- AGNG 300 Introduction to Policy and Aging Services 3
- AGNG 301 Intermediate Policy Analysis for Aging Issues 3
- AGNG 310 Introduction to the Management of Aging Services 3
- AGNG 311 Intermediate Management of Aging Services 3
- AGNG 320 Strength-Based Approaches to Promoting Health and Wellness in the Aging Services 3
- AGNG 321 Strength-Based Approaches to Achieving Mental Wellness in the Older Adult 3
- AGNG 351 Business Decision Making for Aging Services 3
- AGNG 361 Technology for Managers in Aging Services 3
- AGNG 401 Critical Issues in Management of Aging Services 3
- AGNG 422 Research Applications in Aging Services 3
- AGNG 440 Diversity in Aging 3
- AGNG 460 Internship 6
- AGNG 462 Internship I 3
- AGNG 463 Internship II 3
- AGNG 470 Capstone 3
Students must choose 2 courses at 3 credits each from the list of approved courses with the approval of their advisor. Please visit the Erickson School website for the list of approved electives.
The following are additional requirements for completion of the management of aging services major:
1) Completion of two electives (6 credits).
2) Grades of “C” or better in all major courses.
3) Completion of all of the general university and other degree requirements.
4) Successful completion of the internship and associated internship seminar, as described below.
All students must complete a one, or two-semester internship and simultaneously attend an in class seminar. The internship can be taken during one semester (AGNG 460) while earning a total of 6 credit hours. During the one-semester internship students are required to work approximately 14-15 hours a week for the duration of the semester. Students who wish to take the internship in two-semesters will initially enroll in AGNG 462, followed by enrolling in AGNG 463 the following semester, each time earning 3 credit hours. Enrollment in the internship takes place when students achieve junior status “in good standing” in the university and have successfully completed at least 15 credits of the required courses (core or elective) with a grade point average of 2.5 or better. The processes to apply for the internship and the rules governing it are detailed in the Erickson School’s Internship Program Manual. The timetable for application begins a full semester (at minimum) prior to the initiation of the internship semester. The Erickson School in conjunction with the Shriver Center has developed multiple internship opportunities with private industry, governmental agencies and non-profit organizations that reflect the varied careers available to students. The purposes of the internship are:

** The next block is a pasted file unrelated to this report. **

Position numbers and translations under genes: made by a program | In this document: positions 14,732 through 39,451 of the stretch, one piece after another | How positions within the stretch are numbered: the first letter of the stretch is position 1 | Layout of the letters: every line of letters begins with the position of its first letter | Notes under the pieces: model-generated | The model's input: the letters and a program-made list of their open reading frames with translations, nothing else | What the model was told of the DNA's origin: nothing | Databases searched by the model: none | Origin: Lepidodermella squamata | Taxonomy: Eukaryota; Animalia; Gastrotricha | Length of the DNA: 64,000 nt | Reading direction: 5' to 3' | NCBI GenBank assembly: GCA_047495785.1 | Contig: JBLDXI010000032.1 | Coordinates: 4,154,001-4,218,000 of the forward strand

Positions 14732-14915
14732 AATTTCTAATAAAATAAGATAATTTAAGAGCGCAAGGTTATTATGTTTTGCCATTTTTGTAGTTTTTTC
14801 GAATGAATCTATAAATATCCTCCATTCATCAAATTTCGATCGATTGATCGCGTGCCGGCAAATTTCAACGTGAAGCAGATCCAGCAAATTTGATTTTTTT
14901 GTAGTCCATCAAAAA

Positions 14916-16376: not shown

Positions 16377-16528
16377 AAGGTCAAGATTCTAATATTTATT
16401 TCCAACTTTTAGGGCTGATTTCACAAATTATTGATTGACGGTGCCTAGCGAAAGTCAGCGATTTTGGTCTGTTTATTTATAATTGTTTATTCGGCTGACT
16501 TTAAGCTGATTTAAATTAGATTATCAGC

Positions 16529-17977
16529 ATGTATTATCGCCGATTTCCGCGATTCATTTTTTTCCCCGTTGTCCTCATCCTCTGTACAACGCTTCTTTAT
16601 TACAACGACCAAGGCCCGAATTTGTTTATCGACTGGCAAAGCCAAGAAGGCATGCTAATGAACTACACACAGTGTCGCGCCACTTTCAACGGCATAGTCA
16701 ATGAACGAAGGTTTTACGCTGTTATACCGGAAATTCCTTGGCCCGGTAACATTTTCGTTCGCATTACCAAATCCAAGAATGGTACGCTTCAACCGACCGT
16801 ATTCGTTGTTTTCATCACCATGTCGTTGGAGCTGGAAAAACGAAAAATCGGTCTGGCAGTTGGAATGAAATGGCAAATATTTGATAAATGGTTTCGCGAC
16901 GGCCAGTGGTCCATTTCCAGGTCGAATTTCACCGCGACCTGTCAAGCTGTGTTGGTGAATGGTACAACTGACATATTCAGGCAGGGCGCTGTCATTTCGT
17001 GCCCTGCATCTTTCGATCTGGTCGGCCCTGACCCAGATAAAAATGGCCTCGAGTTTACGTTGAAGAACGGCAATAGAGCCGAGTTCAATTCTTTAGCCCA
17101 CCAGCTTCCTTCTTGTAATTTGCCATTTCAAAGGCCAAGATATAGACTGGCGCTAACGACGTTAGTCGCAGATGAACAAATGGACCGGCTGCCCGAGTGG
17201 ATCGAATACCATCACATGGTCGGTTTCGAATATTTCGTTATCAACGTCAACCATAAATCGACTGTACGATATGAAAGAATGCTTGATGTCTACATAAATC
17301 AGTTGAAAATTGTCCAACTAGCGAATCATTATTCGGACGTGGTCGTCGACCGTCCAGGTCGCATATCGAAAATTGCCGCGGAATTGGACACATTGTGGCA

- Testing students' presumed career path for “fit"
- Applying classroom skills and knowledge to real circumstances and constraints
- Engaging with older adults, professionals, regulators and policy-makers
- Honing skills and performance with supervision and feedback
Oversight of the internship will be guided by an on-site supervisor in the host setting for the internship and through the UMBC faculty member supervising the related seminar class. Students should be proactive in contacting their advisors when they plan to pursue the internship to begin the process and receive the manual.
Requirements for the Management of Aging Services Minor
Students interested in a minor program to combine with a wide range of academic majors may undertake a 18 credit hour minor program with the following requirements:
Core: 6 credits
- AGNG 100
- AGNG 200
Two 300-level courses and two 400-level courses, selected in consultation with the student's major advisor, from the approved content electives list.
Please visit the Erickson School website for the list of approved electives.
All courses in the Minor must be completed with a grade of ”C” or better
The Erickson School provides students with enrichment activities that include student-focused programs, distinguished outside speakers, and opportunities to hear from researchers and practitioners who are ”up to the minute” on relevant topics and innovations in policy and practice. The Erickson School offers special scholarships and financial awards to students majoring in the program. Internships provide students the opportunity to get practical experience and to apply their experience in a capstone course, including development of a career dossier. Career placement services through the Erickson School provide pathways to career opportunities for seniors approaching graduation. Events and new program developments are posted on our Web site, as are exciting opportunities to participate in research, student organizations and other relevant activities.